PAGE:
from 1986 to 1991.
He was credited for the creation of the Philippine Army's Special Forces and the Philippine National Police Special Action Force.

Since his retirement, he has remained active in politics,
serving as adviser to his successors.
13_Joseph Ejercito Estrada
President J. Estrada
Joseph Ejercito Estrada, KGCR, born Jose Marcelo Ejercito; April 19, 1937, also known by the nickname Erap, is a Filipino politician, former actor, and a kleptocrat who served as the 13th president of the Philippines from 1998 to 2001, 9th vice president of the Philippines from 1992 to 1998,
and the 21st mayor of the City of Manila, the country's capital,
from 2013 to 2019.
In 2001, he became the first chief executive in Asia to be formally impeached and resigned from power.
He is widely considered to be a kleptocrat*.
(*corrupt politicians that enrich themselves secretly outside the rule of law, through kickbacks, bribes, and special favors)

Estrada gained popularity as a film actor, playing the lead role in over a hundred films in an acting career spanning some three decades.
He also worked as a model, beginning as a fashion and ramp model
at the age of 13.
He used his popularity as an actor to make gains in politics, serving as Mayor of San Juan from 1969 to 1986, as Senator from 1987 to 1992,
then as Vice President under President Fidel V. Ramos from 1992 to 1998.

Estrada was elected president in 1998 with a wide margin of votes separating him from the other challengers, and was sworn into the presidency on June 30, 1998.
In 2000 he declared an "all-out-war" against the Moro Islamic Liberation Front and captured its headquarters and other camps.
Allegations of corruption spawned an impeachment trial in the Senate, and in 2001 Estrada was ousted by "People Power 2" after the prosecution walked out of the impeachment court when the senator-judges voted "NO" in the opening of the second envelope.

In 2007, Estrada was sentenced by a special division of the Sandiganbayan to reclusión perpetua for the plunder of $80 million
from the government, but was later granted pardon by President
and his former deputy Gloria Macapagal Arroyo.
He ran for president again in the 2010 presidential election, but was defeated by Senator Benigno Aquino III by a wide margin.
He later served as Mayor of Manila for two terms, from 2013 to 2019.
14_gloria-macapagal-arroyo
President G. Macapagal Arroyo
Maria Gloria Macaraeg Macapagal Arroyo, born April 5, 1947,
is a Filipina academic and politician who served as the 14th president
of the Philippines from 2001 until 2010. 
She is the longest serving President of the Philippines
since Ferdinand Marcos.
Before her accession to the presidency, she served as the
10th vice president of the Philippines from 1998 to 2001,
and was a senator from 1992 to 1998.
After her presidency, she was elected as the representative of Pampanga's 2nd district in 2010 and later became the Speaker of the House of Representatives from 2018 until her retirement in 2019.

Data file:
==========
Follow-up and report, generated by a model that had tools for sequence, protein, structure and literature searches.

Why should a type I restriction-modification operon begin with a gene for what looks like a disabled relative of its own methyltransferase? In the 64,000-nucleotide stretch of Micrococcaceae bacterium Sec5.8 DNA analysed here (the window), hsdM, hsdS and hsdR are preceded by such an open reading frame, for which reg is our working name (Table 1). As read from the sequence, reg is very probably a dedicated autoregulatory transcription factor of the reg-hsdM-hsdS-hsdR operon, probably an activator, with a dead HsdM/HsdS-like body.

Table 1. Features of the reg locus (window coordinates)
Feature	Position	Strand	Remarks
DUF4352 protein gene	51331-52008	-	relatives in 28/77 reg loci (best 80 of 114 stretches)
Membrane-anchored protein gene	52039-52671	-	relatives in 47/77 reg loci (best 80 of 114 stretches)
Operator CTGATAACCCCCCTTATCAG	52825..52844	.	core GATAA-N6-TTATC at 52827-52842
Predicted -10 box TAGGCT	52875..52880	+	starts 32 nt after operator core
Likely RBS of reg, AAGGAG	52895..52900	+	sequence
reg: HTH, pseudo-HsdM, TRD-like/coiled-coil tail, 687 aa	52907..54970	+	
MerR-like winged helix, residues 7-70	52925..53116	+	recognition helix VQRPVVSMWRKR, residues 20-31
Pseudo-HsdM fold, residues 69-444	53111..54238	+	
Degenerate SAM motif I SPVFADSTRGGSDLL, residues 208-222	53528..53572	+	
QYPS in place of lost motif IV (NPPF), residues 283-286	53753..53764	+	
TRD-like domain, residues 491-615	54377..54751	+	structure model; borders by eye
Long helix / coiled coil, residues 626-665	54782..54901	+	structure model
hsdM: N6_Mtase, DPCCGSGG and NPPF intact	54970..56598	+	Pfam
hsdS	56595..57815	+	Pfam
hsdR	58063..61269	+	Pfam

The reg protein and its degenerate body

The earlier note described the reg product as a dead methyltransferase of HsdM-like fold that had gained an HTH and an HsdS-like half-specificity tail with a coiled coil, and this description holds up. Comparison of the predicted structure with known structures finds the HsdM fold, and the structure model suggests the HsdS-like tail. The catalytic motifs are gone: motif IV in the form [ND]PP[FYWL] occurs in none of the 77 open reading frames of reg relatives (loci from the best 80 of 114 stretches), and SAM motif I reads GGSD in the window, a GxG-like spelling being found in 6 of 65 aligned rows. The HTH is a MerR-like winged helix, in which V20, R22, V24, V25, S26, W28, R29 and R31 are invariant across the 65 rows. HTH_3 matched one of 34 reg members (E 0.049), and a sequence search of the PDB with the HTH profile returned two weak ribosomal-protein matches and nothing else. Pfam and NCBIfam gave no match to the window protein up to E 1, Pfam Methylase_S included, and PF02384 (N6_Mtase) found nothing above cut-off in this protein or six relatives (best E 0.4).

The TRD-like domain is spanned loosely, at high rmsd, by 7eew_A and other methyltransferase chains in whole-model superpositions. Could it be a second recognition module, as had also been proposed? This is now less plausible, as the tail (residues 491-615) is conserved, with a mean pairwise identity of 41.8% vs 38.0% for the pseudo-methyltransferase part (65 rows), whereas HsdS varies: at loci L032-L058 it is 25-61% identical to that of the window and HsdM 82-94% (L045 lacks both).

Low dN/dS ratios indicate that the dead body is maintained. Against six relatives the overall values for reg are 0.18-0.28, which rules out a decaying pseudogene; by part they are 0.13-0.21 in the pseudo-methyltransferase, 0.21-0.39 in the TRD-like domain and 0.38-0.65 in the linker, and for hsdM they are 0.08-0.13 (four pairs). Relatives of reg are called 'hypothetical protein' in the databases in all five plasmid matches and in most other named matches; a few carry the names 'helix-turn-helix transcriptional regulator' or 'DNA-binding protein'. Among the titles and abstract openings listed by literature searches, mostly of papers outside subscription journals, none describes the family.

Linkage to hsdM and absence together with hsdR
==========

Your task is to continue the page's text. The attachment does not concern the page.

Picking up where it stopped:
She is the first woman to hold two of the highest offices in the country: Vice President and Speaker of the House.

The daughter of former President Diosdado Macapagal,
she studied economics at Georgetown University in the United States, where she began a lasting friendly relationship with her classmate
and future U.S. President Bill Clinton.
She then became a professor of economics at Ateneo de Manila University, where her eventual successor, President Benigno Aquino III, was one of her students.
She entered government in 1987, serving as the assistant secretary and undersecretary of the Department of Trade and Industry upon the invitation of President Corazon Aquino, Benigno's mother.
After serving as a senator from 1992 to 1998, she was elected to the vice presidency under President Joseph Estrada, despite having run
on an opposing ticket.

After Estrada was accused of corruption, she resigned her cabinet position as Secretary of Social Welfare and Development and joined the growing opposition against the president, who faced impeachment.
Estrada was soon forced out from office by the Second
EDSA Revolution in 2001, and Arroyo was sworn into the presidency
by Chief Justice Hilario Davide, KGCR, on January 20 that year.
In 2003, the Oakwood mutiny occurred after signs of a martial law declaration were seen under her rule.
She was elected to a full six-year term in the controversial 2004 presidential election, and was sworn in on June 30, 2004.
Following her presidency, she was elected to the House of Representatives through her home district, making her the second Philippine president—after José P. Laurel to pursue a lower office
after their presidency.

On November 18, 2011, Arroyo was arrested and held at the Veterans Memorial Medical Center in Quezon City under charges of electoral sabotage, but released on bail in July 2012.
These charges were later dropped for lack of evidence.
She was rearrested in October 2012, on charges of misuse
of $8.8 million in state lottery funds.
She was given a hospital arrest, allegedly due to "life-threatening
health conditions" certified by her doctors.
On July 19, 2016, she was acquitted by the Supreme Court by
a vote of 11-4 under the administration of her ally, Rodrigo Duterte.
Also, the Supreme Court declared the DOJ's hold departure
order unconstitutional.
Her lawyers afterwards stated that Arroyo no longer needed
her medical paraphernalia, releasing her from the hospital.

She has since been a member of the Philippine Academy of the Spanish Language after she announced her support to bring back Spanish as an official language of the Philippines during her 9-year presidency.